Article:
Republicans were all but assured they will regain control of the state Senate for the next two years after a Nassau County judge Saturday certified the election of Republican Jack Martins over incumbent Democrat Craig Johnson in the Seventh Senate District.
The final tally by the Nassau County Board of Elections on Friday night was 42,942 votes for Martins and 42,491 for Johnson, a margin of 451 votes in a race in which 85,000 ballots were cast.
Barring a successful appeal by Johnson, when the Senate reconvenes on Jan. 5, Republicans will have a 32-30 majority. Johnson's attorney, Steven Schlesinger, said outside court that he was considering whether to appeal, but Johnson later released a statement saying he would appeal.
Schlesinger had pressed for a hand count of all ballots on grounds the optical scan voting machines had missed enough Johnson votes to change the election's outcome. "The procedures governing these new voting machines are uncharted territory. What happens here could very well govern how all future close elections are decided," Johnson said in a statement. "That is why I intend to take my request for a full hand recount to a higher court."
Justice Ira Warshawsky of State Supreme Court said in a rare weekend court session that even with Johnson afforded every doubt, he was unlikely - on a statistical basis - to pick up enough votes in a hand count to alter the outcome. "The court finds there is an insufficient basis for ordering a hand count," he ruled, adding: "The Johnson-Martins race is certified."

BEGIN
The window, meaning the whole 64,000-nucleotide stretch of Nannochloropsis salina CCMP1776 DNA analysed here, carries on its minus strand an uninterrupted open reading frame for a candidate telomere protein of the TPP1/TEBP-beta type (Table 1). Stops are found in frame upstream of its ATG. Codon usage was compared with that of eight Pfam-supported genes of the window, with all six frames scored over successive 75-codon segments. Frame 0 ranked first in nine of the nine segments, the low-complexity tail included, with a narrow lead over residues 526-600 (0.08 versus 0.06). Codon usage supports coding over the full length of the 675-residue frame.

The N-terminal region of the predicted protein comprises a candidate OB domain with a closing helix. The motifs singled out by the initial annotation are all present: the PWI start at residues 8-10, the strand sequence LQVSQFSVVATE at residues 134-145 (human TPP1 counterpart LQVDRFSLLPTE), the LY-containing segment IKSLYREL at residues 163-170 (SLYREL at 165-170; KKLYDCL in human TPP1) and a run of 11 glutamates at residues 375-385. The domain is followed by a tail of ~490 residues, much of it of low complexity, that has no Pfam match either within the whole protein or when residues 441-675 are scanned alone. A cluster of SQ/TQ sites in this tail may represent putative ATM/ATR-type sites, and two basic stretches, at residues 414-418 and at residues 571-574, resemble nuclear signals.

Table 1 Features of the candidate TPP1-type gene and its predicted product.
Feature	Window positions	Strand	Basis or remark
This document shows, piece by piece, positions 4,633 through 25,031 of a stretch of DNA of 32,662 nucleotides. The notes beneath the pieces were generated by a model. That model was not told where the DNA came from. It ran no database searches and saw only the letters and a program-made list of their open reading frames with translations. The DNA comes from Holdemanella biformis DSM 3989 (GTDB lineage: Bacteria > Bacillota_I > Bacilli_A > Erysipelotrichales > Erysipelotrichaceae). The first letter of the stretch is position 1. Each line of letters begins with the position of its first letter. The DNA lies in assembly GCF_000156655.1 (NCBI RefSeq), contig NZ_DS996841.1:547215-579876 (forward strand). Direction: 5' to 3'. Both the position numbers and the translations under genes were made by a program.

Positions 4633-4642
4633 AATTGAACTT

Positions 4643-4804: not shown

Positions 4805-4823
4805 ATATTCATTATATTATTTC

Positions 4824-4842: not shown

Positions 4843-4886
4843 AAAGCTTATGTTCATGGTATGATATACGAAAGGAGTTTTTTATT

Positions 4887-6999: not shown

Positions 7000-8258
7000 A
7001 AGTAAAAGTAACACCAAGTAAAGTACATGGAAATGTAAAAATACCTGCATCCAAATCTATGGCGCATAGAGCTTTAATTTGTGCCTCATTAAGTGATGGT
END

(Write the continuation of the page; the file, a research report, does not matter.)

A smiling Martins emerged from the courtroom to say that he was looking forward to working with his colleagues in Albany, and said he was not distressed by the monthlong count of paper ballots and audit of the voting machines.
"There's a process here that you need to follow, and it's important for people to know that the process is being followed," he said.
In the only other undecided Senate race, incumbent Democrat Suzi Oppenheimer holds a lead of slightly more than 300 votes over Republican opponent Robert Cohen in the 37th District in Westchester County. If Cohen were to end up winning, Republicans would then have a 33-29 majority.
After Warshawsky's decision, Senate Republican leader Dean Skelos of Rockville Centre said, "There's important work to be done in Albany, and now that the elections are over we're eager to get right to it.
Warshawsky still has jurisdiction over this year's general election in Nassau County because of a consent order obtained by both Republicans and Democrats on Election Day, and he could still order the just completed sample audit to be expanded.